that are growing there. And every Wednesday in
the fall and the spring, we have students that come
from all over the district for an all-expense paid field trip, and we take them into this high tunnel. And they get to touch. They get to taste. They get to smell. They get to use all their senses. They get to harvest. They get to water. They really get to feel
like they are working and… A farmer basically. So one day, it was
Halloween, and I remember all the students coming off the bus, and they were all dressed
up in their costumes that I know they’ve been
waiting weeks to wear. And then we have five Black
Panthers, three princesses. They were incredible,
(audience laughs) and they came down, and they
went into the high tunnel, and they started touching. They started tasting, They started smelling. They got to harvest. They got to water. They were getting dirty. They really didn’t care
about their costumes anymore. They were just really having a great time. And it was incredible to see these kids that were coming from like they… Sorry, it was incredible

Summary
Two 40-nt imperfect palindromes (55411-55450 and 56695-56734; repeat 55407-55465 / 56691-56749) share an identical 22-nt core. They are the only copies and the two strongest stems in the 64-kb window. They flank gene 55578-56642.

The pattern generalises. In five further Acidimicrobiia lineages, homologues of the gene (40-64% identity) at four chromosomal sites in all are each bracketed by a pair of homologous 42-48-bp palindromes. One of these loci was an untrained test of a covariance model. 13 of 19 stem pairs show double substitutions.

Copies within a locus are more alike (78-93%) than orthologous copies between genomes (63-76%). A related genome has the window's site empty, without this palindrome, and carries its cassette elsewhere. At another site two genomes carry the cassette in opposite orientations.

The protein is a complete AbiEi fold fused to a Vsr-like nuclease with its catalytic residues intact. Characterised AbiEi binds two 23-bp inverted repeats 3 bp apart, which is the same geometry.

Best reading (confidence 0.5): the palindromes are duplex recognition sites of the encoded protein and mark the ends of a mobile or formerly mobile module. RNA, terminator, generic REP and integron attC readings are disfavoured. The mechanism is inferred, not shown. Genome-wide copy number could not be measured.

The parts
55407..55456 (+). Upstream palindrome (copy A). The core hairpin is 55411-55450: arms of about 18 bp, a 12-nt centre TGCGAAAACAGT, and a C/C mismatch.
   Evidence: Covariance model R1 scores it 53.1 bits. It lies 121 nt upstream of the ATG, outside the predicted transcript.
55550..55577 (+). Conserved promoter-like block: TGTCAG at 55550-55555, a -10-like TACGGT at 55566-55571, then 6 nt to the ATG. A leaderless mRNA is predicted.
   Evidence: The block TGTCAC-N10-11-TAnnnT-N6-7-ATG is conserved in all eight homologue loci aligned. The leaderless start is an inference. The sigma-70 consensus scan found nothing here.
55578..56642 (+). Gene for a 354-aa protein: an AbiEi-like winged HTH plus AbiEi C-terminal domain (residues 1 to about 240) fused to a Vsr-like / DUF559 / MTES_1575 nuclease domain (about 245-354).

to see the students that were like just
loving to see the farm, and they were touching everything, and then they were asking
all these questions about the plants and the… The vegetables, and then they… Some of them maybe have
never been on a farm before. Some of them are just first time seeing where their food is coming from, and one kid came up to me and he asked- Said, “I want to be a farmer now.” And it kind of took me back
to when I was a kindergartner in a barn getting sprayed down by milk (audience laughs)
from a cow’s udder and that being the only,
or one of the only memories I have from kindergarten, and it kind of makes me feel really
happy that, hopefully, maybe this student might
remember the farm experience he had way further down the line. And that’s why I’m so happy and proud to be serving at Drew Farms
as a FoodCorps service member. Thank you.
(audience clapping)